How Do Nick Nurse’s First Two Seasons Stack Up Against the All-Time Greats?

In his first two years, Nick Nurse won his first coach of the year award and led the Toronto Raptors to a championship. Now who else has done that? On Tuesday, news broke of the Toronto Raptors re-signing Nick Nurse to a new multi-year contract. The contract was universally praised after a strong 2019-20 season […]
How Do Nick Nurse’s First Two Seasons Stack Up Against the All-Time Greats? – Raptors Rapture – Raptors Rapture – A Toronto Raptors Fan Site – News, Blogs, Opinion and More

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Author: Thomas Waind / Raptors HQ

3 things the Leafs need to do to become Stanley Cup contenders

Last year’s season was an unexpected one. Newly acquired Tyson Barrie didn’t pan out, there were a ton of injuries and the Leafs were a very inconsistent hockey team.
But there’s a list of requirements that Kyle Dubas needs to hit to make sure Toronto is ready to go for next season, as well as the playoffs.
Dubas said he wasn’t done making trades and that’s one place he needs to be perfect in, if he wants success next year. There’s also a few other things on his to-do list, but you have to watch the video to find out.


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Author: Nick Barden / The Leafs Nation

NHL History: Toronto Maple Leafs sign Eric Lindros 15 years ago today

It was 15 years ago today that the Toronto Maple Leafs signed Eric Lindros.

The deal was a one-year, $1.55-million contract and it marked the only year he spent in the big city.
It was a short year, however, as Lindros’ year was cut short due to injury much like his whole career. Playing in 33 games, Lindros scored 11 goals and as many assists.
All those games came at the start of the year and on Dec. 10, 2005 he suffered a tear of a ligament in his left wrist. Lindros recovered and returned after 27 games on Feb. 28, 2006, but reinjured his wrist a week later ending his season.
The Hall of Famer only spent one more year in the NHL, a 49-game season in 2006-07 with the Dallas Stars where he scored 26 points.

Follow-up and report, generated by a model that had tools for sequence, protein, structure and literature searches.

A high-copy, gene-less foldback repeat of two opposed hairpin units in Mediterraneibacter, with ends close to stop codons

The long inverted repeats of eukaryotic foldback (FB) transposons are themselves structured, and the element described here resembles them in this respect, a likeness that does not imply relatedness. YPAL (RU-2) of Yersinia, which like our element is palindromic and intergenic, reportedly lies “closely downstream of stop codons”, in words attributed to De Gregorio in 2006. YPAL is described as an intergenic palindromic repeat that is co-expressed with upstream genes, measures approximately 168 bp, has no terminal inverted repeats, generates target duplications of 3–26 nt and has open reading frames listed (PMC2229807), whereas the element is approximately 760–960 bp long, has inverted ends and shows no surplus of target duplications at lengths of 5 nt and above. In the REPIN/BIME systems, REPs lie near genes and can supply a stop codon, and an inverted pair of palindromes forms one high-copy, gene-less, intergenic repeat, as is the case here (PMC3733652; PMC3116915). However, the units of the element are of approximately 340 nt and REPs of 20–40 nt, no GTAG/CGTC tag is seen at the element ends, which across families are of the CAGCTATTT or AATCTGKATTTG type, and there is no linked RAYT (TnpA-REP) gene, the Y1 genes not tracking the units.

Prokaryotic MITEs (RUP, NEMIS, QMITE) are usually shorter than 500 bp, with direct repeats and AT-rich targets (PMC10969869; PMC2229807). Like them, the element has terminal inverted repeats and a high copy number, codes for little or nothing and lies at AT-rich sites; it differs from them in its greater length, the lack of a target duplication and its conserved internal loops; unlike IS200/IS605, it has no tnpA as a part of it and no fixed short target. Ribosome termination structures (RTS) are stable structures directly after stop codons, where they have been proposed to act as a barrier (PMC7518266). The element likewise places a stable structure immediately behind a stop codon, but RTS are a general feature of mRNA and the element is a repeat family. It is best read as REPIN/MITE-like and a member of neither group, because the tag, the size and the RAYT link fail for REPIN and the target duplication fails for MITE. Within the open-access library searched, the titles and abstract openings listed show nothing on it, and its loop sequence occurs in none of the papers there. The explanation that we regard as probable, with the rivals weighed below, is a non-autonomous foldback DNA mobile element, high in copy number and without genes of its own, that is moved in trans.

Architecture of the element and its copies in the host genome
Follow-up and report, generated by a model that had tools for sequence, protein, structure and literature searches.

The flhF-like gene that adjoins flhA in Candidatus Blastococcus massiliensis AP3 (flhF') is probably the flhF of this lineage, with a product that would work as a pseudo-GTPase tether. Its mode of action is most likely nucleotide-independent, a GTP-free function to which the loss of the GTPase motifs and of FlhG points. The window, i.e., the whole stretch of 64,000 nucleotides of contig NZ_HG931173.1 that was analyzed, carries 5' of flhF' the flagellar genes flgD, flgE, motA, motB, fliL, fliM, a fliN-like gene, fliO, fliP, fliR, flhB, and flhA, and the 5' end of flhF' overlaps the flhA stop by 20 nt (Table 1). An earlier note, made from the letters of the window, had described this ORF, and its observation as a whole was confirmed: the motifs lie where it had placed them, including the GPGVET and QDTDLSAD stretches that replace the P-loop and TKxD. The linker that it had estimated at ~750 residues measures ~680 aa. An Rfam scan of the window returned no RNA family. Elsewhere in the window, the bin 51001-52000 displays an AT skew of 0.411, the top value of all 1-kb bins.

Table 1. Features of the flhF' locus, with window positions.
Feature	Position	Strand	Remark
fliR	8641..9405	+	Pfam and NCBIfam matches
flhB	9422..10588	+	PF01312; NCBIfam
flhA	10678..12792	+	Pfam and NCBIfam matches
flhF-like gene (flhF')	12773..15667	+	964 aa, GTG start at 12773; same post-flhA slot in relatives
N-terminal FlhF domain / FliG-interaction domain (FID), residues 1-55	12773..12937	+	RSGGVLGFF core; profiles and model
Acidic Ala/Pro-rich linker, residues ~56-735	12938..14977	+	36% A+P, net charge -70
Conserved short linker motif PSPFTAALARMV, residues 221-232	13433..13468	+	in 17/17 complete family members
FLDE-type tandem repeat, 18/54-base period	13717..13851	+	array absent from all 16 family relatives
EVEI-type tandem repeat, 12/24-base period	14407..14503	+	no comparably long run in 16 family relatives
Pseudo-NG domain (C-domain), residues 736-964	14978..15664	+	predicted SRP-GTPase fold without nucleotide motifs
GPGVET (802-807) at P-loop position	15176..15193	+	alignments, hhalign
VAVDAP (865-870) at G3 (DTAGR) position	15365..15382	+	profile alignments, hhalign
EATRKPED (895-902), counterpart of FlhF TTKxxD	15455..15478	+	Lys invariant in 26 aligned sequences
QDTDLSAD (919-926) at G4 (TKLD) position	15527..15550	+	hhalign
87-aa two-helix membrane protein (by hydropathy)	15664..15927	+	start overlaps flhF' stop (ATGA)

On Twitter: @zjlaing

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Author: Zach Laing / The Leafs Nation

Toronto Raptors: Relive Vince Carter’s iconic dunk in bobblehead form

Twenty years ago (anyone else feeling old?), Vince Carter dropped an iconic dunk in the dunk contest. So Toronto Raptors fans are going to love this bobblehead. You know what? Let’s party like it’s 2000. When Vince Carter was on the Toronto Raptors and regularly putting opposing players on posters. When he was dominating the […]
Toronto Raptors: Relive Vince Carter’s iconic dunk in bobblehead form – Raptors Rapture – Raptors Rapture – A Toronto Raptors Fan Site – News, Blogs, Opinion and More

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Author: Nathan Cunningham / Raptors HQ

NHL History: Toronto Maple Leafs acquire Cody Franson nine years ago today

It was nine years ago today that the Toronto Maple Leafs acquired Cody Franson.

The deal saw the Leaf give up Brett Lebda, Robert Slaney and a condition fourth-round pick in 2013 to the Nashville Predators for Franson and Matthew Lombardi.
While Lombardi only lasted one season in Toronto scoring 18 points in 62 games, Franson played the best years of his career with the Leafs.
Over parts of four seasons, Franson scored 20 goals and 115 points in 236 games. He was a tough defender for the Leafs standing at 6’5, 225 lbs., but was still able to provide lots of offence for the team over his three-and-a-bit year stint.
He posted a career-high in points in the season he was traded back to the Predators with 36 total — 32 of which came in 55 games with the Leafs.
On Feb. 15, 2015, the Leafs traded him back to Nashville along with Mike Santorelli for Olli Jokinen, Brendan Leipsic and a first-round pick in the 2015 draft. Toronto later traded that pick, 24th overall, to the Philadelphia Flyers for a 2015 1st, 29th overall, and a 2015 2nd, 61st overall.
The Flyers used their pick on Travis Konecny, while Toronto traded down from the 29th spot for a package that included 34th overall …

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Author: Zach Laing / The Leafs Nation

CONSPIRACY ALERT: Why the NHL is rigging the lottery for *insert team here*

It’s very clear that the NHL rigged this year’s draft lottery.

Beyond not wanting Alexis Lafreniere to go to a horrendous franchise like the Ottawa Senators or Buffalo Sabres, the league knew that it would be a good marketing ploy to have one of the play-in teams win the first-overall pick because it would direct a bunch of attention to a second draft lottery at a later date.
All news is good news. Basic stuff.
So we know that this thing was rigged for the placeholder know, as “Team E” … but what we don’t know is who “Team E” is going to be. Let’s do some digging to determine who the NHL actively rigged the lottery for and why they did it.

The Taylor Hall Factor